WASHINGTON – Researchers at the Department of Energy’s (DOE) BioEnergy Science Center (BESC) have pinpointed the exact, single gene that controls ethanol production capacity in a microorganism. This discovery could be the missing link in developing biomass crops that produce higher concentrations of ethanol at lower costs, the DOE said.
“The Department of Energy relies on the scientific discoveries of its labs and research centers to improve the production of clean energy sources,” said Energy Secretary Steven Chu. “This discovery is an important step in developing biomass crops that could increase yield of ethanol, lower production costs and help reduce our reliance on imported oil.”
The discovery of the gene controlling ethanol production in a microorganism known as “Clostridium thermocellum” will mean that scientists can now experiment with genetically altering biomass plants to produce more ethanol. Current methods to make ethanol from a type of biomass found in switchgrass and agricultural waste require the addition of expensive enzymes to break down the plant’s barriers that guard energy-rich sugars.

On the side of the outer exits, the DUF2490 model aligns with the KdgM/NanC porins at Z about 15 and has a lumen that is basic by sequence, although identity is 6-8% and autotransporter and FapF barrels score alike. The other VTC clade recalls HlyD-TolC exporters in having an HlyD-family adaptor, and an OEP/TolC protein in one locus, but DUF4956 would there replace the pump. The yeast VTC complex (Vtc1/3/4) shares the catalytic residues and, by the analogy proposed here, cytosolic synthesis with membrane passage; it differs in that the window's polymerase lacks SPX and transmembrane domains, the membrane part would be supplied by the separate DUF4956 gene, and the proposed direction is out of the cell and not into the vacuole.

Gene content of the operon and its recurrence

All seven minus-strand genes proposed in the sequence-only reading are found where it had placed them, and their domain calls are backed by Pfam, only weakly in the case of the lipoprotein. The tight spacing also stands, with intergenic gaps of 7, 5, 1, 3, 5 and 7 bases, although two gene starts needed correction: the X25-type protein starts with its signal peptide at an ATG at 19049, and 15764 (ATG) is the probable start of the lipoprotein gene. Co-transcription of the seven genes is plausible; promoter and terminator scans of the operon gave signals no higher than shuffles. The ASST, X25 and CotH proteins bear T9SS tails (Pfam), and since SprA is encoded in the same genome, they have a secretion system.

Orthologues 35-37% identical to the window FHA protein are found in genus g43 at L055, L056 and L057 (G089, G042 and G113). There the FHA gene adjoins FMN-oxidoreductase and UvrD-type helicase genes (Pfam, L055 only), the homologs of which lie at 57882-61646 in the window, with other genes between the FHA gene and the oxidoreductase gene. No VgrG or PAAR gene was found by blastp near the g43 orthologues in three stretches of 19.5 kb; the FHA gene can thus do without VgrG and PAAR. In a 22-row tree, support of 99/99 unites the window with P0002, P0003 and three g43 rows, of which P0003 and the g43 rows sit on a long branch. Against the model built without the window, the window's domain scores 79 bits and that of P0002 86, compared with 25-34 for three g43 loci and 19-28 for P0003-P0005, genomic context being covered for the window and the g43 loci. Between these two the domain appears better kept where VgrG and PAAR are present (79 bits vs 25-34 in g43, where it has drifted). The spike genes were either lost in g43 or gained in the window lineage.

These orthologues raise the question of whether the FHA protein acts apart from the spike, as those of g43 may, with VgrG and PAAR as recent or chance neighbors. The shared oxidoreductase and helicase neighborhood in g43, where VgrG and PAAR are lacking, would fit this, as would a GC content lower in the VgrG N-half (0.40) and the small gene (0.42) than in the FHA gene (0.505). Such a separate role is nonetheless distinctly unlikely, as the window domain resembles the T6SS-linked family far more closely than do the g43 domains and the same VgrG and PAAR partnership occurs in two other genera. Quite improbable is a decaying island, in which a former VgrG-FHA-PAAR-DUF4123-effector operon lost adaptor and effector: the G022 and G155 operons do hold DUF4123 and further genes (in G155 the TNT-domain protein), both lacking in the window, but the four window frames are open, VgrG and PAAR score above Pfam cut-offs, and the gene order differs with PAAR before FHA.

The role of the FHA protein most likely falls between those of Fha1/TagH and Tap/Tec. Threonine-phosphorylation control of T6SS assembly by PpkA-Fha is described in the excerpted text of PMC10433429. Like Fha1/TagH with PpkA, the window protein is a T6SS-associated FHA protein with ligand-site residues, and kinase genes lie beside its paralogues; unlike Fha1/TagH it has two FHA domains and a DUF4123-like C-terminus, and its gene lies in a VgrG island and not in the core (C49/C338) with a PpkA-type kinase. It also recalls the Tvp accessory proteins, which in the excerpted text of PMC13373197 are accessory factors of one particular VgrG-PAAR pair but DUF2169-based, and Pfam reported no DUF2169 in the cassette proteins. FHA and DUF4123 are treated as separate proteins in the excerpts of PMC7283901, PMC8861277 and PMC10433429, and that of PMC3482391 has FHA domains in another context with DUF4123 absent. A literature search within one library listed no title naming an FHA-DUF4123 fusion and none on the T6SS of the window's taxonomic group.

Scientists, including those at BESC, have been working to develop a more streamlined approach in which tailor-made microorganisms produce their own enzymes that unlock the plant’s sugars and ferment them into ethanol in a single step. Identifying this gene is a key step towards making the first tailor-made microorganism that produces more ethanol, DOE said.
Although scientists have studied Clostridium thermocellum for decades, the genetic basis for its ability to tolerate higher concentrations of ethanol had not been determined. Rather than using just one technique or one approach, the research team that made the discovery was able to draw upon multiple experts spanning several scientific disciplines to contribute a broader set of analyses.
BESC is led by Oak Ridge National Laboratory and is one of three DOE Bioenergy Research Centers established by the DOE's Office of Science in 2007. The centers support multidisciplinary, multi-institutional research teams pursuing fundamental scientific breakthroughs needed to make production of cellulosic biofuels, or biofuels from nonfood plant fiber, cost-effective on a national scale.